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Laure Prouvost

Kunstmuseum Luzern, Switzerland

With ‘And she will say: hi her, ailleurs, to higher grounds…’ at Kunstmuseum Luzern (the third leg of a solo exhibition made in collaboration with Le Consortium, Dijon and MMK Frankfurt), it took Laure Prouvost only seconds to shatter my perspective as distanced observer. A strip of MDF, coated in blue synthetic resin and dirtied by scattered soil, fills the full width of the gallery entrance. I awkwardly squeezed my way along the small gap between path and wall, until an attendant instructed me to just walk on the MDF.

Laure Prouvost, Wantee, 2013, installation view, Kunstmuseum Lucerne, 2016. Photograph: Marc Latzel

Laure Prouvost, Wantee, 2013, installation view, Kunstmuseum Lucerne, 2016. Photograph: Marc Latzel

Laure Prouvost, Wantee, 2013, installation view, Kunstmuseum Lucerne, 2016. Photograph: Marc Latzel 

The blue path led me straight to Prouvost’s video installation Wantee (2013), which takes up the story of the artist’s artiste manqué grandfather. He apparently disappeared, to the dismay of Prouvost’s grandmother, while making his final work: a tunnel dug from his living room in France to Africa. The fictitious story, presented here in a replica of the artist’s grandparents’ living room, is shot in jittery, home-movie style and is told in a whispery, childlike narration makes no distinction between key facts and minor details. This enchanted evocation of her grandparents’ house expresses the core mythology that underpins this exhibition. As well as being represented in the surreal sculpture series ‘Shovels’ (2015–ongoing), Prouvost’s apocryphal story recurs in the tenderly ironic Grand Ma’s Dream (2013), a film that visualizes her grandmother’s daydreams. For all its humour, the film is insightful in its consideration of the demands imposed by artists on their relatives and loved ones – who often must put aside their own desires and talents.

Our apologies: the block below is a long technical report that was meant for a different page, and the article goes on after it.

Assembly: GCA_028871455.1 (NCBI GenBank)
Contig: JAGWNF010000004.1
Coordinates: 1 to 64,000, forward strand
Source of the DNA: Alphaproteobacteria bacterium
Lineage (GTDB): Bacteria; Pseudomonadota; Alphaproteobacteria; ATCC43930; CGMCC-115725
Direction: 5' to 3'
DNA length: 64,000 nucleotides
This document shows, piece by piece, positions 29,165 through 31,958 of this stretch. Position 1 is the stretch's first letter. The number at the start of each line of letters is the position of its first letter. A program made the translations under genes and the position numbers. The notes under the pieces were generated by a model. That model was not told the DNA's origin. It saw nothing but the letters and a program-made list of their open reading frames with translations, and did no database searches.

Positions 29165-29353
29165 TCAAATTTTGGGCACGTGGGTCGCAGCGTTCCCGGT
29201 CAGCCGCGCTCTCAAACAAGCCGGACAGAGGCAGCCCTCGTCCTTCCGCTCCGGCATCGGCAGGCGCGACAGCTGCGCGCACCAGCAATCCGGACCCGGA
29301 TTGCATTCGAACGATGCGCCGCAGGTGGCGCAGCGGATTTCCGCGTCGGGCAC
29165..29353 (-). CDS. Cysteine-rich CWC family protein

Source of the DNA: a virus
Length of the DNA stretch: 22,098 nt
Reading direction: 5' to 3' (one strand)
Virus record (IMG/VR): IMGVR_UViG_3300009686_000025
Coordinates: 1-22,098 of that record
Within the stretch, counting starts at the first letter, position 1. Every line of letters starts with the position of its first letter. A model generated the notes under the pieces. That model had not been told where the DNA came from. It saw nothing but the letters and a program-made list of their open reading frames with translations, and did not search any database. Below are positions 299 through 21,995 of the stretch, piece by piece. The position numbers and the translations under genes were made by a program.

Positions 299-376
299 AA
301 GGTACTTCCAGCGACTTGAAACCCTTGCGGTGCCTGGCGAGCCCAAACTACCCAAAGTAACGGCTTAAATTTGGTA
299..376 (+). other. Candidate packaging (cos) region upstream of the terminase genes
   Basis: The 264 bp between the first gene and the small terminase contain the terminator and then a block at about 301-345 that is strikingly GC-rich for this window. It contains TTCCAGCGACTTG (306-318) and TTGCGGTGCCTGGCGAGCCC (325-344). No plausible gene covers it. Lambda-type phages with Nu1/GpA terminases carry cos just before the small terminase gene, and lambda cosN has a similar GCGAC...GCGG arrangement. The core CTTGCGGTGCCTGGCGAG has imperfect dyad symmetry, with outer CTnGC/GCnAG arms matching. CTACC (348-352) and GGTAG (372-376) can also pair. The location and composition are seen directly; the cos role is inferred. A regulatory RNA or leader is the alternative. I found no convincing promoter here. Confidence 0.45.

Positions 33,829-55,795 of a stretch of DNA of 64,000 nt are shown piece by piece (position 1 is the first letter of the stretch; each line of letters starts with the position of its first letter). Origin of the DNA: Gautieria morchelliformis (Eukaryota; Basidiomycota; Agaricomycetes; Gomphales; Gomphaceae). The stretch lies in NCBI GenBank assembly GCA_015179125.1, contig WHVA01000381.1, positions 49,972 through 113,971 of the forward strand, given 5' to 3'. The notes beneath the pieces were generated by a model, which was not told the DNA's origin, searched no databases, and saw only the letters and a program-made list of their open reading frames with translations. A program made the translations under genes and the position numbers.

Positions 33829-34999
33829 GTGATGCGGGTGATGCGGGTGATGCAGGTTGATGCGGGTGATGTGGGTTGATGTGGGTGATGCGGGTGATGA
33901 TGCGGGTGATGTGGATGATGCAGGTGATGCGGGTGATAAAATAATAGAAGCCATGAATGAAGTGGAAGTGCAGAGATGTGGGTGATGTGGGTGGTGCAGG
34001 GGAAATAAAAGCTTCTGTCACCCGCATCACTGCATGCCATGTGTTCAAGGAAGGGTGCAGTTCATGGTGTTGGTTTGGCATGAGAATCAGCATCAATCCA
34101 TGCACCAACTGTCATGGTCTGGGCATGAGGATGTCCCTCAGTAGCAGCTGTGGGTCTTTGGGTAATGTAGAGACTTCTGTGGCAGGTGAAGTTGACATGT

Prouvost’s grandfather’s ‘descent’ into his work, though, can also be read as a metaphor for the immersive techniques at work in this exhibition, which are best exemplified here by the film Swallow (2013). The work offers a succession of clichés of sensuality: naked women bathing, split fruit with juicy flesh, mouths eating raspberries. The soundtrack layers heavy breathing with siren-sweet voices that directly invite the viewer to enter the picture and get undressed. Through her hyperbolic deployment of eroticism, Prouvost seems to want to push the cinematic gaze to its breaking point.

Laure Prouvost, If It Was, 2015, video still. Courtesy: the artist, Galerie Nathalie Obadia, Paris and Brussels, and carlier | gebauer, Berlin

Laure Prouvost, If It Was, 2015, video still. Courtesy: the artist, Galerie Nathalie Obadia, Paris and Brussels, and carlier | gebauer, Berlin

Laure Prouvost, If It Was, 2015, video still. Courtesy: the artist, Galerie Nathalie Obadia, Paris and Brussels, and carlier | gebauer, Berlin

Leaving the blue strip, I wandered the labyrinthine exhibition spaces, coming to dead ends and various signs: Ideally you would have gone left (2016) and Ideally this sign would take you away from here (2016). Here Prouvost’s aim to create a state of immersion develops into an interest in the conventions of museum display and architecture. In the video If it was (2015), Prouvost designs a whimsical, alternative museological space where visitors can touch the art, a Francis Bacon picture can be ‘improved’ with the paints provided, the attendants offer massages, and instead of conceptual art there is Zumba. This undermining of the museum’s authority – filmed at the Haus der Kunst in Munich, built by Nazi architect Paul Ludwig Troost – does not feel ridiculous, but deftly mobilizes personal whimsy as its own form of institutional critique.

Prouvost’s flouting of institutional norms is linked back to the droll grandfather narrative with Maquette for Grand Dad’s Visitor Center (2014) – a sculpture styled in the form of an architectural model that with its Frank Gehry style parodies recent conventions of museum architecture. The exhibition concludes with Prouvost’s own personal ‘collection’, Love Among the Artists (2016), which is displayed in a room of its own. This show-within-a-show comprises works by 14 of the artist’s friends, including Juliette Blightman, Tom Humphreys and Anne-Mie Van Kerckhoven. It’s here that Prouvost’s undoing of the normative codes of her chosen medium – be it film, installation or the exhibition itself – becomes most pointed. Only after I was tempted to reach out and physically touch an installation by Cally Spooner was I aware of just how far, and how successfully, I had been drawn into Prouvost’s own ‘tunnel’.

Translated by Nicholas Grindell; lead image: Laure Prouvost, Ideally This Sign Would be the Taste of Escape, 2016. Courtesy: the artist, Galerie Nathalie Obadia, Paris and Brussels, and carlier | gebauer, Berlin

Moritz Scheper is a writer and curator based in Essen, Germany, where he works as artistic director at Neuer Essener Kunstverein.

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